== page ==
by Christie Stelly
Having a well-planned and organized grocery list allows you to spend less time inside the store, and prevents you from walking out with junk foods.
As the saying goes, “fail to plan, plan to fail.” This saying is especially true when creating healthy eating habits. Healthy eating habits begin with what you eat daily and what you buy at the grocery store.
The best way to create a grocery list is to separate it into three macro sections: fats, carbohydrates, and protein.
Fats are a crucial nutrient that the human body needs in order to function. Our bodies require ‘good fats’ in order to function optimally. Women, specifically, need to make sure they are getting enough fat in their diet because that is what helps regulate hormones.
Healthy sources of fat that you can purchase from the grocery store include avocados, peanut butter, eggs, oils, nuts and seeds. Try to avoid saturated fats, as they are linked to a higher risk of heart disease and high blood cholesterol.
Next up on the list are carbohydrates. These are another macronutrient that are essential to our bodies because they provide fuel and energy to muscles and nervous system.
Some women are under the false impression that carbs are bad and that they should avoid them when dieting. On the contrary, good sources of carbohydrates have many great effects on the body, including being a form of energy.
Healthy forms of carbohydrates that you can buy are potatoes, vegetables, fruits, beans, rice, quinoa and oatmeal.
It is fairly easy to distinguish which carbs are healthy and which are not. For example, which carb do you think would benefit your body more: an apple or a doughnut? The apple would obviously be healthier because it has healthy sugars, fiber, and is lower in calories.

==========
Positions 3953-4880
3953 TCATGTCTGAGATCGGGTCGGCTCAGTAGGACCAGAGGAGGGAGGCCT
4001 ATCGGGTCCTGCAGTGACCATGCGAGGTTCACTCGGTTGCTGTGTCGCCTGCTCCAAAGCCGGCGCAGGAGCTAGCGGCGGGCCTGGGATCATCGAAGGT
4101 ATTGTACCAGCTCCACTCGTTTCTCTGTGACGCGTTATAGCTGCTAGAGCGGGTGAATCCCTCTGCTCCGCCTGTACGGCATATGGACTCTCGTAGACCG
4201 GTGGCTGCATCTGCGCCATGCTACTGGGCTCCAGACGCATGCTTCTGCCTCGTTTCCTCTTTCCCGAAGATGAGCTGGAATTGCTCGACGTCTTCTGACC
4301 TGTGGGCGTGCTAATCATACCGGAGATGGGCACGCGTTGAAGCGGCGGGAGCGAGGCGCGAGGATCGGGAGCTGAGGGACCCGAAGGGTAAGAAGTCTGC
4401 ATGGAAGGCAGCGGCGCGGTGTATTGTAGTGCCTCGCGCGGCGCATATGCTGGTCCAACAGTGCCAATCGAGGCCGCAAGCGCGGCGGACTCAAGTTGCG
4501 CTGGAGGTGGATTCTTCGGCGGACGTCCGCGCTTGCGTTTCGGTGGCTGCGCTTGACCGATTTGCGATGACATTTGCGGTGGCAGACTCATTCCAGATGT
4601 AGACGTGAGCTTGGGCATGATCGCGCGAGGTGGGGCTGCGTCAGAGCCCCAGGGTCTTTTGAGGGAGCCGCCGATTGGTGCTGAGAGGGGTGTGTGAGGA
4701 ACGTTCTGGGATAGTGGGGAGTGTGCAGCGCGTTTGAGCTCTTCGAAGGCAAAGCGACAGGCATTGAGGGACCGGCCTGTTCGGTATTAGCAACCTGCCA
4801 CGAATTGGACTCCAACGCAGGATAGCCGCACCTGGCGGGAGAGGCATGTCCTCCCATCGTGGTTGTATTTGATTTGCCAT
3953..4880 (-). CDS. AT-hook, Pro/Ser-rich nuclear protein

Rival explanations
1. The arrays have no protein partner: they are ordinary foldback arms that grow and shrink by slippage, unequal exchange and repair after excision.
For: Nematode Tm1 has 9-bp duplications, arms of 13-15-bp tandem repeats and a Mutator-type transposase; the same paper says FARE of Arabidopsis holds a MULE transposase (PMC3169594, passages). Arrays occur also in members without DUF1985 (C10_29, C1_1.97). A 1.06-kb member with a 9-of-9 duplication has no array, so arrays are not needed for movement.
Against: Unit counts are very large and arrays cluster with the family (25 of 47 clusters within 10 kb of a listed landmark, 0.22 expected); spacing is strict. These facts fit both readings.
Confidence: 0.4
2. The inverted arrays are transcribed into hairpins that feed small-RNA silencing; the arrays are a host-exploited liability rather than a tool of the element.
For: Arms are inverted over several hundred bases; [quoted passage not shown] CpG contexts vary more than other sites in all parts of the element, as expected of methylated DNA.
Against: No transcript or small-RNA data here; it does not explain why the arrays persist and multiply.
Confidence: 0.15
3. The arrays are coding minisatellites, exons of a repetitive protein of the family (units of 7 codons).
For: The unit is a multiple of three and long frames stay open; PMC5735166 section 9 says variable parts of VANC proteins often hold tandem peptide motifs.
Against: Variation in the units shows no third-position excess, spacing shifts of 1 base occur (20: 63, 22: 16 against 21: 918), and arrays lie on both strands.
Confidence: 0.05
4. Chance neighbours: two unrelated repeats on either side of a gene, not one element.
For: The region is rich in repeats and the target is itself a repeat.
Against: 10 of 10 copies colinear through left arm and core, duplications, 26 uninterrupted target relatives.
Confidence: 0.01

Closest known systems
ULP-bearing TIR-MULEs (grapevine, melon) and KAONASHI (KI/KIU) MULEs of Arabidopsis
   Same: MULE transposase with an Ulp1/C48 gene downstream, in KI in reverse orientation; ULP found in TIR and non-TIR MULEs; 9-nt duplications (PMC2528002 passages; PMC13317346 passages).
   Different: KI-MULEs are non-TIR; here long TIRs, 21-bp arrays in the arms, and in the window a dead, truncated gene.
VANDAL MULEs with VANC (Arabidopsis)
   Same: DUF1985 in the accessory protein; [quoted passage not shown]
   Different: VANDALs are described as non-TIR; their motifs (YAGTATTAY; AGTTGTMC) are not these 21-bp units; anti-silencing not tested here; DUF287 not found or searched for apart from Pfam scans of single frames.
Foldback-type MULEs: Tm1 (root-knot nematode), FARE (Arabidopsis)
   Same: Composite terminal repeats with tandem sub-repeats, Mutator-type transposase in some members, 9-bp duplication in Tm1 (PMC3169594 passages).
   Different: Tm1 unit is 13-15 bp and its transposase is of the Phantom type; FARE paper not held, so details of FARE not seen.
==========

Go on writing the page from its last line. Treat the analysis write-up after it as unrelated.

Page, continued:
The last food group on your grocery list should be sources of protein. Protein is essential when it comes to building muscle mass. Protein is specifically essential to the weight loss process because it keeps you from losing a mass amount of muscle. Protein also helps keep you full throughout the day, which is helpful when you are eating a limited amount of calories.
Some healthy sources of protein include chicken, turkey, lean ground beef, tofu, beans, fish, egg whites and Greek yogurt.
When it comes to the planning portion of the grocery list, if you are someone that is on a budget, try going to the stores’ website and taking a look at their circular before you go. You can browse through the sale items and find the healthiest options. If you know what you need ahead of time, you can look for coupons. Make a list according to each “macro” section before you go.
Once you arrive at the grocery store, try doing most of your shopping on the “outside” of the aisles to avoid processed foods. Most of the middle aisles contain boxed foods that are heavily processed and high in sodium.
Stick to what you have on your list and try your best to not succumb to buying the pint of ice cream that is tempting you. If you do not keep unhealthy foods in the house, you are less likely to make poor food choices. This all starts with your grocery list and planning ahead.
It’s also helpful to follow your favorite grocery stores on social media. “Trader Joe’s List,” Trader Joe’s Official Instagram page, and “Whole Foods Greater Hartford” are great pages to get creative with healthy eating. Many local markets including Price Chopper and Stop n’ Shop have social media accounts that provide specials and featured items.